- Though trading of ETF’s reflect the real-time environment of the market, as they are not directly associated with the NAV, they are susceptible to manipulations which may not be acceptable to risk-averse investors with preference to stable investment. Index funds cannot be sold short and generally offer more stability for conservative investors.
ETF vs Index Funds (Comparison Table)
|BASIS FOR COMPARISON – ETF vs Index Funds||ETF||INDEX FUNDS|
|Meaning||Fund tracking indexes of a specific exchange.||Fund replicating the performance of a benchmark market index.|
|Base||It will trade like other stocks.||They are like Mutual funds|
|Pricing – ETF vs Index Funds||Done at the end of the day depending on stock price movement||Traded on intra-day basis.|
|Basis for Pricing||Demand and supply of the security/stock in the market||NAV of the underlying asset|
|Trading Costs||Higher costs||No transaction fee/commission|
|Expense Ratios||Low||Comparatively high|
|Initial Investment||No minimum investment||Can be a few thousand dollars or purchases in regular investments through SIP.|
|Settlement Time – ETF vs Index Funds||Three Days||One Day|
It can be concluded that both Index funds and ETF’s have its benefits and drawbacks but both are handy tools for allowing diversification at low prices. The amount of investment and the risk appetite of the investor are the aspects to which the investment narrows down upon. Despite being largely similar in nature, they are different and inexperienced investors in the stock market have to study all the aspects before making any choice. A retail investor shall be attracted towards index funds since they are simpler and cheaper to manage with minimum initial investment options. Institutional investors can consider ETF as they offer tax sops and features similar to regular stocks.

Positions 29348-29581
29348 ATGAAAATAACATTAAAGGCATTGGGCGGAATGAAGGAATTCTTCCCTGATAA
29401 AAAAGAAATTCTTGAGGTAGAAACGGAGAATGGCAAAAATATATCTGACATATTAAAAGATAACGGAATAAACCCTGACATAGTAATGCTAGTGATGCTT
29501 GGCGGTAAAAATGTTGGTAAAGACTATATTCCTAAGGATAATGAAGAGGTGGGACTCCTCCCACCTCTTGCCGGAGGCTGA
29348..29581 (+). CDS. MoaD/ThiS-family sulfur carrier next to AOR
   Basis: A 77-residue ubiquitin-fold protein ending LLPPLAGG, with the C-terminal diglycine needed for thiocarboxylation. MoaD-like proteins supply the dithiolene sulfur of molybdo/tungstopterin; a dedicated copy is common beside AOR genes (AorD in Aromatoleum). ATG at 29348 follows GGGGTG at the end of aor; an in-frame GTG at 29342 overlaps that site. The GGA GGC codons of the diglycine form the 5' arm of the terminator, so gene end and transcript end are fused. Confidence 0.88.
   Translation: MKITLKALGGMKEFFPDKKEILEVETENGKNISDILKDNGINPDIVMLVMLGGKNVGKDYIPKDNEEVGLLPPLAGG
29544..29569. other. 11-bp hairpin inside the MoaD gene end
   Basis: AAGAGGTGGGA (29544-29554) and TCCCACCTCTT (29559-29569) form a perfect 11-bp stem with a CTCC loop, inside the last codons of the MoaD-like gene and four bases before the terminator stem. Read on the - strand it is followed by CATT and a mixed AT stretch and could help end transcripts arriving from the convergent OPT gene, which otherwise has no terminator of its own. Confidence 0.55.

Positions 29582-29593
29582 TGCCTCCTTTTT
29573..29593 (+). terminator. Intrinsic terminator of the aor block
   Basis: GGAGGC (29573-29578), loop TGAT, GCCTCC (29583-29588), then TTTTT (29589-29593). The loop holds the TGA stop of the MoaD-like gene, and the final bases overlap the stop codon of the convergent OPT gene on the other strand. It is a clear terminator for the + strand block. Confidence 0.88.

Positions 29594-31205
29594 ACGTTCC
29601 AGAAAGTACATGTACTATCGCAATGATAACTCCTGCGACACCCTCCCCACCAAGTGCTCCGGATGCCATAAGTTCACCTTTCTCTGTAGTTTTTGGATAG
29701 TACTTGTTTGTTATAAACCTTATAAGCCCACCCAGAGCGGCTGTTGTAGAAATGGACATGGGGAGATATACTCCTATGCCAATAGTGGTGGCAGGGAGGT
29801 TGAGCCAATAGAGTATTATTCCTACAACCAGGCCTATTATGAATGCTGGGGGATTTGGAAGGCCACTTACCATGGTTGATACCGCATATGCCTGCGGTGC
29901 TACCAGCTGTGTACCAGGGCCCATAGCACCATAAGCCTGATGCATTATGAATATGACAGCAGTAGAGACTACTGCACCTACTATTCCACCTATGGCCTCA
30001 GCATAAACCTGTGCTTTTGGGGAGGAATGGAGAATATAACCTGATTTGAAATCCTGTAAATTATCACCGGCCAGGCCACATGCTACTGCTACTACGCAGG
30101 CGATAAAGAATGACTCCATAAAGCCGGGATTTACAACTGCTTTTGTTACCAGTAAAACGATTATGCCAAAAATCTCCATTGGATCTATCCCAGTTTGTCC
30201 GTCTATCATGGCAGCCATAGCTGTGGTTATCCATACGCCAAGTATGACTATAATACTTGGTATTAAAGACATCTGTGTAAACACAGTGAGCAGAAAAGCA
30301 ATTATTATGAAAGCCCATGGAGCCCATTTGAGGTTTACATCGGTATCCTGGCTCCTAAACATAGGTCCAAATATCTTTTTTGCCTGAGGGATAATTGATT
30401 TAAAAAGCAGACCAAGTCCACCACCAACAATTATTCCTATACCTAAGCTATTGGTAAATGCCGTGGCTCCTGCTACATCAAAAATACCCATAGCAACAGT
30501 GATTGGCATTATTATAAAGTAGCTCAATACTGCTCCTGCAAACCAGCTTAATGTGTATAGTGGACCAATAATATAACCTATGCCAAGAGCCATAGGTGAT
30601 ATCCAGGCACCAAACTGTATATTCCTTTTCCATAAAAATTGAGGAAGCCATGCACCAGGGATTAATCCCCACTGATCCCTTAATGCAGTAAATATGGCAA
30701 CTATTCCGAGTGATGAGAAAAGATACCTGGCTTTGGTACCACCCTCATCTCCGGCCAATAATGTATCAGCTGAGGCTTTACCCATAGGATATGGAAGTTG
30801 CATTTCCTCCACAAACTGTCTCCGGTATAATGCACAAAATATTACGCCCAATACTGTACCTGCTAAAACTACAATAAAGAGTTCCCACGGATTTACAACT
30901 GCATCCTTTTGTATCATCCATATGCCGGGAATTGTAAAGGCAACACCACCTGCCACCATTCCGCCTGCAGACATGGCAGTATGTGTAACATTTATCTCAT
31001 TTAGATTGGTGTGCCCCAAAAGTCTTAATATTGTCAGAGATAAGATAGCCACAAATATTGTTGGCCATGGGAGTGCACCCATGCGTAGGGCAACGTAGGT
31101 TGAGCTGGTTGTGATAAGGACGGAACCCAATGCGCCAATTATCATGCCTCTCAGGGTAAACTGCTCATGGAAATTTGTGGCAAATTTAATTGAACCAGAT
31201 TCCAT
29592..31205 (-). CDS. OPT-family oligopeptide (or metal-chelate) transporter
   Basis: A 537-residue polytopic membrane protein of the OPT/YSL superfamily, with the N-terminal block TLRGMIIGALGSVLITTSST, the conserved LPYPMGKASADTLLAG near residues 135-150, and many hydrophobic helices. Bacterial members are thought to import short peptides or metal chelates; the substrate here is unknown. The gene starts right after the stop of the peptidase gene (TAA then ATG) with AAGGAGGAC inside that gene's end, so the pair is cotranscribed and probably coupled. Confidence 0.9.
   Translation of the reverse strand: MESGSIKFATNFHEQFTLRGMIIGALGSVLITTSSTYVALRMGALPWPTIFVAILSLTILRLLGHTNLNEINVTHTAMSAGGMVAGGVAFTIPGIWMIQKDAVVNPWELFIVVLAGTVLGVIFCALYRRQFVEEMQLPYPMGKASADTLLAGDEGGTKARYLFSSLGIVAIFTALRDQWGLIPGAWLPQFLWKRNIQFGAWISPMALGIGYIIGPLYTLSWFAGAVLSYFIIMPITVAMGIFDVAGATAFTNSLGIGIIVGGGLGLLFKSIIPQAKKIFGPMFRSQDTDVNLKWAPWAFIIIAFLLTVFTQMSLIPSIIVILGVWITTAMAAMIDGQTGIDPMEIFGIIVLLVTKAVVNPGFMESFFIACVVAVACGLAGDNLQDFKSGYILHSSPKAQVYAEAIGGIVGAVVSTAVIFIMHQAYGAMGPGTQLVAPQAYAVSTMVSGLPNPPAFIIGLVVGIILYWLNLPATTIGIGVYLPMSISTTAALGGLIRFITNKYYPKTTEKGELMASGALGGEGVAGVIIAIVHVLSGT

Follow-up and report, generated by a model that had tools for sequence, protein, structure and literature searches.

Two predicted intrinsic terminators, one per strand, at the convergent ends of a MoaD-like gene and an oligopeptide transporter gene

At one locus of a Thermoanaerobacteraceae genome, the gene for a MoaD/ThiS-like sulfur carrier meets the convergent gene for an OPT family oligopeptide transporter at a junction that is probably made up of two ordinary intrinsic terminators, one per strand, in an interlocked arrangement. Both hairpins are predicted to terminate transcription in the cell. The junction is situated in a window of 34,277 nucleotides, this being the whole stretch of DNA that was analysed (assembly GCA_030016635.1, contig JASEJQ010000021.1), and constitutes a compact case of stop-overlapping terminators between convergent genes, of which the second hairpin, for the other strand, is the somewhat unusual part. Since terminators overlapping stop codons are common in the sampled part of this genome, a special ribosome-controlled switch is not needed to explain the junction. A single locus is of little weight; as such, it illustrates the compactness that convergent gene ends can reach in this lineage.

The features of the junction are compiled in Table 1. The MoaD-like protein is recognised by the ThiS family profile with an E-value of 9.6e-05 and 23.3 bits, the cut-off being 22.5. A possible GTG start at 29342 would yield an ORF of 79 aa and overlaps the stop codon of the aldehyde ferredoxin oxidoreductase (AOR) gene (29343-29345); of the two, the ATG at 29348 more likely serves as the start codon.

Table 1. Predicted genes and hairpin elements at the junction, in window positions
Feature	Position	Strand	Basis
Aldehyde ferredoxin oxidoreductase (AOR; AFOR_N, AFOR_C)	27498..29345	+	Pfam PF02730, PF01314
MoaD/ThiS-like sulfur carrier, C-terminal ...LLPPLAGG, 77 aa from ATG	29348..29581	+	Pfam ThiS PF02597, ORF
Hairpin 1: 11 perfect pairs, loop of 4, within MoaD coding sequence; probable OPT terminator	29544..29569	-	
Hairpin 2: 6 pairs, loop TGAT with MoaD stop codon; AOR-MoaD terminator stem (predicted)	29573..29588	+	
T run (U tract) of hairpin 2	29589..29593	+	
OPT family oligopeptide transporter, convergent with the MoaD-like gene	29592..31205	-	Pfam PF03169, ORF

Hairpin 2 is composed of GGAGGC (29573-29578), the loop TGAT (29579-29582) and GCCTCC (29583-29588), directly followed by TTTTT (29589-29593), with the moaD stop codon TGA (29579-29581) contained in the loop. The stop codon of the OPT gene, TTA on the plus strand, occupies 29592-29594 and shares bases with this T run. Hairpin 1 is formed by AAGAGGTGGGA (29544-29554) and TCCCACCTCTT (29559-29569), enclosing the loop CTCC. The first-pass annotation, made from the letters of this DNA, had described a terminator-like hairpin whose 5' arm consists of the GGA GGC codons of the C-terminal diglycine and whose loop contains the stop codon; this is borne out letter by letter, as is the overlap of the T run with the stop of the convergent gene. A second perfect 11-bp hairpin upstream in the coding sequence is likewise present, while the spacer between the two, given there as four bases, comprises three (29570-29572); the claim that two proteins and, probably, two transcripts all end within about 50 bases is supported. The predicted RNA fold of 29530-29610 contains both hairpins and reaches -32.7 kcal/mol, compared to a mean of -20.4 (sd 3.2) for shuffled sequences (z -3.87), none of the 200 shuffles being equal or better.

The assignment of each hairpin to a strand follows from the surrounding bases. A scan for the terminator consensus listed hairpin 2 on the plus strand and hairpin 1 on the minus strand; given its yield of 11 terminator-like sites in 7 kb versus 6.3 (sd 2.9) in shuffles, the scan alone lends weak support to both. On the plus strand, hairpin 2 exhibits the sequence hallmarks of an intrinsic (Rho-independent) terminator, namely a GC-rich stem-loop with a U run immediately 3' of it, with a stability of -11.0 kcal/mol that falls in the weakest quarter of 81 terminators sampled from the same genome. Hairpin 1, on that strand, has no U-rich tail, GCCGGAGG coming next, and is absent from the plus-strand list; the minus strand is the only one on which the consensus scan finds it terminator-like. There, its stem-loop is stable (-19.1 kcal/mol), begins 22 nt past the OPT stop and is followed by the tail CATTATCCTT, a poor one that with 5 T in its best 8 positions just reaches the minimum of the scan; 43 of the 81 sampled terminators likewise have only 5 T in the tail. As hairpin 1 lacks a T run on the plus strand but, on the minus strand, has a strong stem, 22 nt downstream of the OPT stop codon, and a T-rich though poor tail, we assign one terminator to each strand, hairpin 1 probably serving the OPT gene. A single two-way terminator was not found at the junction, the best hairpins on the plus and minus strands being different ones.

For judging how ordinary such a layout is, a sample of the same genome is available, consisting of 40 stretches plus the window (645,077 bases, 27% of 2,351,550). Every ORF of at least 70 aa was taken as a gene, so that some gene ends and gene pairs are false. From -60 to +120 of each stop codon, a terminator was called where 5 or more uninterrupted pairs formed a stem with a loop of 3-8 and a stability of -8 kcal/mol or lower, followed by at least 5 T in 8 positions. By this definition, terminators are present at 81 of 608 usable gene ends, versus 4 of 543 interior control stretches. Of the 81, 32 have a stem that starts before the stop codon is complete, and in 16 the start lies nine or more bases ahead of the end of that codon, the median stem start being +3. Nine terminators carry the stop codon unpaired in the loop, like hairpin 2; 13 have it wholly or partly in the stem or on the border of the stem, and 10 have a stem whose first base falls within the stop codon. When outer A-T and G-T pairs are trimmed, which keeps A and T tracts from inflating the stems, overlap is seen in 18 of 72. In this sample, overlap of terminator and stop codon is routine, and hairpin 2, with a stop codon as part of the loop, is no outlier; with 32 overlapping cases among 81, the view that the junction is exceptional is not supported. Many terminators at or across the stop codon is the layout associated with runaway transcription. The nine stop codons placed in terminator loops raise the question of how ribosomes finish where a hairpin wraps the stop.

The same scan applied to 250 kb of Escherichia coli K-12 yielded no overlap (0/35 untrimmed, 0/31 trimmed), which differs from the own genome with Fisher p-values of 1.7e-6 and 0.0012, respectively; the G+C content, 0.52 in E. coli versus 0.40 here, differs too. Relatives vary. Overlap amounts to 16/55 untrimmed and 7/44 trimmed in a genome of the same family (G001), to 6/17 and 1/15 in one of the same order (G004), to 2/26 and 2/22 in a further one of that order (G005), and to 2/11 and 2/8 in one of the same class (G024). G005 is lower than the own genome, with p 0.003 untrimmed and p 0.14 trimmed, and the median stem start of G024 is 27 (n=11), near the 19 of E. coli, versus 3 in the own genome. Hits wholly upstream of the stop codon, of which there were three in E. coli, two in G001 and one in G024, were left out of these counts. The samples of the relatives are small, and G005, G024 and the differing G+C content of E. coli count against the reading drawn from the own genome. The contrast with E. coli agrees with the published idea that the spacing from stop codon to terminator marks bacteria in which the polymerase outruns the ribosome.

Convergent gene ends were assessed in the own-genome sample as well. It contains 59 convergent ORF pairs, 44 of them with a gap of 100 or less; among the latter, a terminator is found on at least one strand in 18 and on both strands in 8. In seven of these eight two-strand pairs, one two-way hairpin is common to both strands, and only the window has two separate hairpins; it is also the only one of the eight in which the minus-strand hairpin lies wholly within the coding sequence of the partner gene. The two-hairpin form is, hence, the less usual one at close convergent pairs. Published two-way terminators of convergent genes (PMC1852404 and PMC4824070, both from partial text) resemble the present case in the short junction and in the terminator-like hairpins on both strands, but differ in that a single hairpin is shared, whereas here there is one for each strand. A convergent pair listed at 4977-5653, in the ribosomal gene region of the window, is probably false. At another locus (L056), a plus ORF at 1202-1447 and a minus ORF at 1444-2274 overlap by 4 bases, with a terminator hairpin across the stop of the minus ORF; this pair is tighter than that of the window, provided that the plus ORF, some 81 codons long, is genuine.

ETFs and open-end index funds are similar in many ways however they distinguished in many aspects. It is pivotal to set clear the goals of investments for effective selection of suitable investment. For instance, if one requires the flexibility of real-time pricing, or the tax advantages of long-term shareholding, ETFs could be a good fit.
On the other hand, ETFs are more exposed to market volatility which may be unattractive towards traditional and conservative investor, or if one wants to earn regular income without dealing with short-term price fluctuations. Although some bond-focused ETFs exist, index funds may be a better choice if investors are looking for exposure to illiquid asset classes such as municipal and international bonds. In the end, personal preference comes down to need for liquidity, the disposable income for investment, maturity time and preference of the asset class.